12 Frequently Asked Questions About Independent Contractors
Determining whether a worker is an employee or independent contractor can be complex and is a common point of confusion among employers.
Government enforcement agencies continue to focus on worker misclassification, including whether independent contractors are classified correctly. Working with an independent contractor generally relieves employers of certain obligations related to employment taxes, minimum wage, overtime, benefits and workers’ compensation. For this reason, state and federal enforcement agencies are looking to recover back pay, overtime and benefits for misclassified workers, as well as back taxes for their governments.
Given heightened enforcement, employers need to be acutely aware of the narrowly defined criteria for independent-contractor status. However, determining whether a worker is an employee or independent contractor can be complex and is a common point of confusion among employers. The following are some of the most frequently asked questions related to independent contractor classifications.
1. What are independent contractors?
In general, independent contractors are self-employed individuals in an independent trade, business or profession who offer their services to the general public under a contract or agreement. However, whether workers are independent contractors or employees under federal or state law depends on the facts in each case. In general, the determination is based on the degree of control the business has over a worker. The more control the business has over the individual, the more likely that individual will be perceived as an employee and not an independent contractor.
2. What are the penalties for misclassifying employees as independent contractors?
Federal and state enforcement agencies have made worker misclassification a top priority, and the consequences for misclassification can be significant. In addition to owing back pay, overtime and benefits to a misclassified worker, the employer may be ordered to pay back taxes, interest and fines. In some states, employers that intentionally misclassify a worker may also face criminal charges or stop-work orders.
3. How do I determine if a worker is an employee or an independent contractor?
A worker is presumed to be an employee unless he or she meets specific criteria; the specific test used depends on the purpose. For example, the Internal Revenue Service uses a Common Law Test to determine whether a worker is an employee for federal tax purposes. There are also other tests, including those used by the U.S. Department of Labor, the Equal Employment Opportunity Commission and several states. One should carefully review each test and consult legal counsel before classifying any individual as an independent contractor.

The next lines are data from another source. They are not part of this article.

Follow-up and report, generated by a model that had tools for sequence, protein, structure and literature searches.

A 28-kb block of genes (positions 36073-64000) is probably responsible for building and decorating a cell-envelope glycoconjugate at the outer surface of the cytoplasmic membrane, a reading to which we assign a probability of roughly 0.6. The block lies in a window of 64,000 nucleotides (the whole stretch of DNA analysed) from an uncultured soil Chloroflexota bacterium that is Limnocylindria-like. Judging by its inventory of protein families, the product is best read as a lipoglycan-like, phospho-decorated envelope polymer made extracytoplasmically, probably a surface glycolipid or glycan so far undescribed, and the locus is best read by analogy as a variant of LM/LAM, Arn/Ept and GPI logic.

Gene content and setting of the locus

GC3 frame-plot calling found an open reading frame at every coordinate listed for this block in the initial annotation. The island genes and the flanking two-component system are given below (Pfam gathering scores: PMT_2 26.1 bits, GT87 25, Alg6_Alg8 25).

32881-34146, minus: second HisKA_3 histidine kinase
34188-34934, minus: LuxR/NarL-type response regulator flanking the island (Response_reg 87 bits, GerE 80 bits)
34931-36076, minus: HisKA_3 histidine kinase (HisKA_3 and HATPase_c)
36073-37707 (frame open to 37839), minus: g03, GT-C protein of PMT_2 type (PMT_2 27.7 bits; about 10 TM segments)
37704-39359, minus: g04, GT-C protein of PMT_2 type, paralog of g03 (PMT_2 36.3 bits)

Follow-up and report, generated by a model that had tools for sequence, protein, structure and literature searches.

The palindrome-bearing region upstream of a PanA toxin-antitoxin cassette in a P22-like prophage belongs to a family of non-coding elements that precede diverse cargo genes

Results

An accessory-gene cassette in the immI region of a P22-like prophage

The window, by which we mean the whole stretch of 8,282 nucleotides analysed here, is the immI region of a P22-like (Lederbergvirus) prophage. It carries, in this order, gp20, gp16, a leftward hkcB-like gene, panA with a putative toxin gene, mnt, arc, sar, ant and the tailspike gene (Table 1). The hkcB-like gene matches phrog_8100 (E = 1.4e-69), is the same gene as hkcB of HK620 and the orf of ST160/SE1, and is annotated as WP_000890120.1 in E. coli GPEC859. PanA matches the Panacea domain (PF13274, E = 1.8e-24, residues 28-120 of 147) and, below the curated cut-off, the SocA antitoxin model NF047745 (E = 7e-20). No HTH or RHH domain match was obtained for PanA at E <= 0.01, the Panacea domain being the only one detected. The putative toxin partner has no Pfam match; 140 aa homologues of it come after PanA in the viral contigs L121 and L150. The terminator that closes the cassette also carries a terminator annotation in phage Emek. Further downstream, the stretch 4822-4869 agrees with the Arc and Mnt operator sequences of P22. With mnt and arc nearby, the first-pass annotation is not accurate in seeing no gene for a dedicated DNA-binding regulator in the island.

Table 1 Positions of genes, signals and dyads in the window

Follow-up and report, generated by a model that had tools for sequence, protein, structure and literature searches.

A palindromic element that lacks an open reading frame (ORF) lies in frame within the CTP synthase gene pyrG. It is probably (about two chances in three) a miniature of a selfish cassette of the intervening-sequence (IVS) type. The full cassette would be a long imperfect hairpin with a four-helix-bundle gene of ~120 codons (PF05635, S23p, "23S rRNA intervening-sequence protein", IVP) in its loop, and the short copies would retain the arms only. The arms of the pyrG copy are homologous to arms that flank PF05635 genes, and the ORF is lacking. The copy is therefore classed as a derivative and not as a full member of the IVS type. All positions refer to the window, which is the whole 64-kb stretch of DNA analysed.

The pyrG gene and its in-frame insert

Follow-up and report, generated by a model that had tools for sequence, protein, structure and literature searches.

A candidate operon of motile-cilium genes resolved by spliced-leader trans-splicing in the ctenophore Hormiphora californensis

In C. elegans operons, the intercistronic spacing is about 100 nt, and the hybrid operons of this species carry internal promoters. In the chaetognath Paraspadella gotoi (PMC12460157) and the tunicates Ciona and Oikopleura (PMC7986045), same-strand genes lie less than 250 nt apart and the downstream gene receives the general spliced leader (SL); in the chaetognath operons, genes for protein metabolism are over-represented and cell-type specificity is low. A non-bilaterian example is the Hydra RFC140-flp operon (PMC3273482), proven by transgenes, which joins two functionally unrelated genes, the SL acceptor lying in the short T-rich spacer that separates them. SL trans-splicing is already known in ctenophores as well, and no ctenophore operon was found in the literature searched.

4. What is the IRS Common Law Test?
The IRS Common Law Test is the most commonly used test for determining independent contractor status. It has three parts that examine factors related to behavioral control, financial control and the type of relationship between the business and the worker, which is covered next.
5. What factors are considered when looking at behavioral control?
The first part of the IRS test examines whether there is a right to direct or control how the worker does the work, including the type of instruction given, the degree of instruction, evaluation systems (measuring how the work is performed rather than the end result is an indication of a employee/employer relationship) and training.
6. What factors are considered when considering financial control?
The second part of the IRS test looks at factors that show whether the company has a right to direct or control the financial and business aspects of a worker’s job, such as how the business pays the worker and the extent to which the worker has unreimbursed business expenses. When compared with employees, independent contractors are more likely to have unreimbursed business expenses, make significant investments in tools and facilities, make their services available to other businesses, realize a profit or loss and are more likely to be paid a flat fee or on a “time and materials” basis.